• “Subscriptions can be difficult to cancel, especially after a political dispute with the moderators.” Provided reference [8] does not meet the reliability standards of Wikipedia, because it is clear the writer has “an agenda or conflict of interest, strong views, or other bias which may color their report” WP:RS. There is no oversight on Amazon reviews, and anyone can spoof a review. They are not reliable. Secondly, the “citation” says nothing about political disputes. Thirdly, the forum is full of people cancelling subscriptions easily:[9][10][11][12][13]. And as I have illustrated already, the criticism that “Bringing this up on the forum has been seen to result in account suspension” is demonstrably false. The reference [14] refers to a user who still posts [15] (obvious not banned).
And (UNSIGNED), the links are all in the history. Tsetna 23:09, 13 May 2006 (UTC)
Updated comments: Rearranging words does not solve the problems outlined above, and putting them in language made to give them the appearance of facts does not solve the problems. See WP:V: “3. The obligation to provide a reputable source lies with the editors wishing to include the material, not on those seeking to remove it.” Also see WP:WEASEL, about using “words or phrases that smuggle bias into seemingly supported statements by attributing opinions to anonymous sources.” Tsetna 15:15, 14 May 2006 (UTC)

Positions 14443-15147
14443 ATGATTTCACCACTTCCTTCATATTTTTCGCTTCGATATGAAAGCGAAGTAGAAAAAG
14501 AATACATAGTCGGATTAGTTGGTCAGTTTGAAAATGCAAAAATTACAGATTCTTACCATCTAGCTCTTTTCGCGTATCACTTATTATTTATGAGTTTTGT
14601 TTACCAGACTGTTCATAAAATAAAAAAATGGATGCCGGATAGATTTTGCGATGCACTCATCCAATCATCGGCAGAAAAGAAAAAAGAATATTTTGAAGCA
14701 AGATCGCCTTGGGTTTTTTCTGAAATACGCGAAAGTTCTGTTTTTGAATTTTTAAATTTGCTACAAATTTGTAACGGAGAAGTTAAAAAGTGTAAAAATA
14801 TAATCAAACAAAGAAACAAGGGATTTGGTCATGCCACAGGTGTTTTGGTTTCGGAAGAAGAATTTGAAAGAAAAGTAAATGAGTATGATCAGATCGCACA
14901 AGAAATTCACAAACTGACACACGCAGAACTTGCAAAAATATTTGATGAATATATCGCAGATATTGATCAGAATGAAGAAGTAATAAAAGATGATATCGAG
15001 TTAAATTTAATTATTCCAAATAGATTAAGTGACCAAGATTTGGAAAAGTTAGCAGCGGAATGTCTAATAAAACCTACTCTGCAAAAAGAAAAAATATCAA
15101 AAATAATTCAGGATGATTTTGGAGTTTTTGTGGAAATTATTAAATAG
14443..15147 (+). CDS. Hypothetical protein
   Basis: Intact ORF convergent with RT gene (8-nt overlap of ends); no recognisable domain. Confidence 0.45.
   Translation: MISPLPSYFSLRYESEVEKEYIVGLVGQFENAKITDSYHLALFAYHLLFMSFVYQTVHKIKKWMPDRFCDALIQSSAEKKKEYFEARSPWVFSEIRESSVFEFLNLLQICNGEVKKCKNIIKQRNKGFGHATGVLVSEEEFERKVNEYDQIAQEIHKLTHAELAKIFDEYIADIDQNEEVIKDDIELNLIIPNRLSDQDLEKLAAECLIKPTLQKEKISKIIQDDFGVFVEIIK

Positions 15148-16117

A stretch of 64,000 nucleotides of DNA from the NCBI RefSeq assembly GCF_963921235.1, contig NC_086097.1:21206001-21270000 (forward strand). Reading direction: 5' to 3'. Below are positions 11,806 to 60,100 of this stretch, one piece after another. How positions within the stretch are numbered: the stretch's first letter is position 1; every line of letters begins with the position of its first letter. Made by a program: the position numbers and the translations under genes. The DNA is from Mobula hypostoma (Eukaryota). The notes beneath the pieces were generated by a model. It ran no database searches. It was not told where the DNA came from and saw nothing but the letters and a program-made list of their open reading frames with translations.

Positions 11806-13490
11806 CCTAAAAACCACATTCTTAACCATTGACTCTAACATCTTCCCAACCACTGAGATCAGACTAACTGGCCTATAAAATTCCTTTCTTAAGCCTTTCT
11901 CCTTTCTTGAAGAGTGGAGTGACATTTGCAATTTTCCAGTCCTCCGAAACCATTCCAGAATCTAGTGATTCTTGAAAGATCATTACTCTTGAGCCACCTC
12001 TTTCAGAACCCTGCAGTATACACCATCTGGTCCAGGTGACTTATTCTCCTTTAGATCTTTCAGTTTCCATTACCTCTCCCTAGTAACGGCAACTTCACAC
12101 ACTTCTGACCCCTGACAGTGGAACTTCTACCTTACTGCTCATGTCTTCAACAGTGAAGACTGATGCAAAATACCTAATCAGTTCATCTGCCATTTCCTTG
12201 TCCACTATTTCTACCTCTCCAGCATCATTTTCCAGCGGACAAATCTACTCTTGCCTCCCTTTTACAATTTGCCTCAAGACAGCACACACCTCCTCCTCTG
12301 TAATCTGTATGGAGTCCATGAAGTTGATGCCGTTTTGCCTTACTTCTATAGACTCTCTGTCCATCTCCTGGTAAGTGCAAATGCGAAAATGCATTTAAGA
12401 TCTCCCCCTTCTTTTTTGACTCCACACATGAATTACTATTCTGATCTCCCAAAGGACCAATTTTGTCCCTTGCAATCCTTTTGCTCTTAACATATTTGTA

Reverting to Inaccurate Revisions

This has to stop. We keep reverting back to inferior descriptions of the actual site because everyone is trying to one up one another on the stupid criticism. It's ridiculous. Leave it, keep it out, whatever, but it's turning into nothing more than a pissing contest. I've reverted back to a version that's more accurate about the website, and before everybody ( loses their ever loving minds again, at least think about reworking the current article before you bring back inaccurate information (such as comparing Ars to Digg or Slashdot).

And the criticism was broken out into two sections because the vast majority of the criticism is _not_ about the Ars website (which should be the focus of this article), but about the Ars Technica forums. They are distinct. Maybe there should be two separate Wiki articles so people who get banned on the fora can vent their frustration with edit wars there. Debuskjt 02:11, 15 May 2006 (UTC)

I agree that the constant reverting should stop. However, let's keep in mind that it was the removal of criticism with documentation that created the back and forth. As far as splitting the article, considering the Ars format of each article creating a discussion, I don't see how splitting it would be the answer. Obviously, you have a problem with comparing it to Slashdot or Digg. But besides the independent forum activity outside the main articles, the format is very similar. A news page is created from aggregated sources, which is selected by editors. Then people comment on it. Like Slashdot, much of the fun of the site is reading through the discussion, rather than digesting the tidbit of news. Ars has more in-depth reviews, but Slashdot technically has reviews as well. This is nothing more than normal variance in the same field of website.